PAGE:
And that’s the puzzling thing about Linda, possibly one of the most annoying characters in literature, whose bad behavior does not diminish her friends’ regard for her. Fanny, however, is hurt by Linda’s thoughtlessness and tells her so. Their friendship becomes on and off as Fanny, married to a sweet, fussy Oxford don Alfred Wincham (Shazad Latif) finds herself buried in domesticity and motherhood. You know this series is directed by a woman when Merlin pays a call and there are toys lying around the house.
Linda meanwhile has married the rich, handsome, conventional Tony Kroesig (Freddie Fox, The Murders at White House Farm), son of a banker, future Tory MP and Fascist sympathizer. She has a daughter who, later, she confesses to Fanny, she could or would not bond with, knowing that she would be leaving soon, and neglecting her child is the only thing for which the family as a whole condemns her. She is becoming a Bolter, just like Fanny’s mother (Emily Mortimer), a serial monogamist who pops in and out of the series in between husbands and lovers.
Surely, the women of the series conclude toward the end, there must be a choice between being a Bolter or a Sticker (Fanny being a Sticker). Yet love, according to Merlin and Linda’s French Duke, Fabrice de Sauveterre (Assaad Bouab, Call My Agent), has no place in marriage. So what’s a girl to do?
Following a period as a party girl with other Bright Young Things, and a clique of adoring young men nicknamed the Chatters, Linda falls in love—again—this time with a Communist, Christian Talbot (James Frecheville, Black 47). Fanny, the bookish one of the pair, is actually jealous when Linda tells her she has a job in a left-wing bookstore. The Chatters meet the Comrades, sales surge, and it’s the only Communist bookstore in the country to make a profit.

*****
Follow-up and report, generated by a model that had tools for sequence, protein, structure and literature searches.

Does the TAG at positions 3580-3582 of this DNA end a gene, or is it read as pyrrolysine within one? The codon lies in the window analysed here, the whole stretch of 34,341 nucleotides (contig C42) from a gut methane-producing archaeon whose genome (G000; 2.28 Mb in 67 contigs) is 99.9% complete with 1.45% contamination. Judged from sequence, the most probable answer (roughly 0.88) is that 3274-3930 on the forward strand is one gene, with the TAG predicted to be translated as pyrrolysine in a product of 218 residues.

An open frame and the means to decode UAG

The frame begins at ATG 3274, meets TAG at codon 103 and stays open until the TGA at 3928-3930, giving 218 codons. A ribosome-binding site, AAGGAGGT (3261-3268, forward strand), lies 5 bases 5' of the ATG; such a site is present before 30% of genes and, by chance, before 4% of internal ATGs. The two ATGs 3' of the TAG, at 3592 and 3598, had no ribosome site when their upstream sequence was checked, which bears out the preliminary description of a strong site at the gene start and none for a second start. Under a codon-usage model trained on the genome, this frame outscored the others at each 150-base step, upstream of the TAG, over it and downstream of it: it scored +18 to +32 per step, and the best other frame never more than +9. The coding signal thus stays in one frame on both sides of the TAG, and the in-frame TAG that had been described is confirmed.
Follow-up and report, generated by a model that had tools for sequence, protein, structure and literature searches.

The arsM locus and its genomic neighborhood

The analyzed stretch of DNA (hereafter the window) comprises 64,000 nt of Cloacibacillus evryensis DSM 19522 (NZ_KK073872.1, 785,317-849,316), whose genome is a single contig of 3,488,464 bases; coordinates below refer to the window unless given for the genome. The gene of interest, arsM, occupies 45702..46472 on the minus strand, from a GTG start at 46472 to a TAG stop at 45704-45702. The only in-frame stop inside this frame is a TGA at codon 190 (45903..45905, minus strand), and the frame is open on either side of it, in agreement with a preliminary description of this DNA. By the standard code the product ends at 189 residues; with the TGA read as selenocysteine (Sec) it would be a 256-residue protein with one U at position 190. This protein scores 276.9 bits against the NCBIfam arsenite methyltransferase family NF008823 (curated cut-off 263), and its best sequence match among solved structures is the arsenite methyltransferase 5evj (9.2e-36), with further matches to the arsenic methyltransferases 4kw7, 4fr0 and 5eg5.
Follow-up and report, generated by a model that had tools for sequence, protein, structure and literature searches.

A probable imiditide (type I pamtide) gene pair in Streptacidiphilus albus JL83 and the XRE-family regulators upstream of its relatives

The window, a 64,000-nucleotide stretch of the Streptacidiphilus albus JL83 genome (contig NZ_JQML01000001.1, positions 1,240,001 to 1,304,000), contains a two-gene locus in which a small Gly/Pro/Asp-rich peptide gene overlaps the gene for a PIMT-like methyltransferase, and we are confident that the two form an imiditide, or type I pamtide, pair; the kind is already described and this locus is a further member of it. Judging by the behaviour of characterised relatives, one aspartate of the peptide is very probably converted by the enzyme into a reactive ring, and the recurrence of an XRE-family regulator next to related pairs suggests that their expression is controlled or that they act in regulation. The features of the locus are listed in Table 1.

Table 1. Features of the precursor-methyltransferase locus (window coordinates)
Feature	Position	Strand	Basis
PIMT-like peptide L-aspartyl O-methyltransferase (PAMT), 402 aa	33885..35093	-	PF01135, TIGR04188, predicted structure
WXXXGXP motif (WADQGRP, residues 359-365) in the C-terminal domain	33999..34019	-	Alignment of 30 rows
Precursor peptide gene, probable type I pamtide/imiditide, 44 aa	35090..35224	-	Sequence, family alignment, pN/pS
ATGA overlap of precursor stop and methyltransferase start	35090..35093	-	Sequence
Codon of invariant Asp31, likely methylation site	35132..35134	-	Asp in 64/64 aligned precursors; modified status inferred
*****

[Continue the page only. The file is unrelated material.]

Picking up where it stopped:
Linda and Christian go off to fight in the Spanish Civil War, wherein one of the slightly false notes of the series, although it is a beautifully done scene, she talks about female friendships with a wise woman of color.
It’s during this time that Linda realizes she has little purpose in life, a rare reality check. But she scores a triumph with the Comrades when she’s asked to assign cabins to the exiled fighters who are sailing for Mexico. She explains that in honor of one of her dogs, a beloved Labrador, everyone on her list defined as labrador (worker) was assigned the first class cabin, meaning the intellectuals had to sleep in steerage. (This was actually based on Nancy Mitford's sister Jessica’s experience.)
The Paris scenes, although great fun and very sexy, border on the verge of sentimentality. Fabrice is the stuff of heroes—his name translates, literally, as “save the world,” referring to his work in the Resistance. So we pretty much know what’s going to happen.
But he’s not the love of Linda’s life—that’s Fanny, exasperated and hurt frequently by Linda’s carelessness. Although she lacks Linda’s charisma, Fanny is the real heroine of the series, juggling babies, domesticity, and her demanding friend, and not afraid to speak her mind.
What a great series for the summer! Have you watched The Pursuit of Love? What did you think?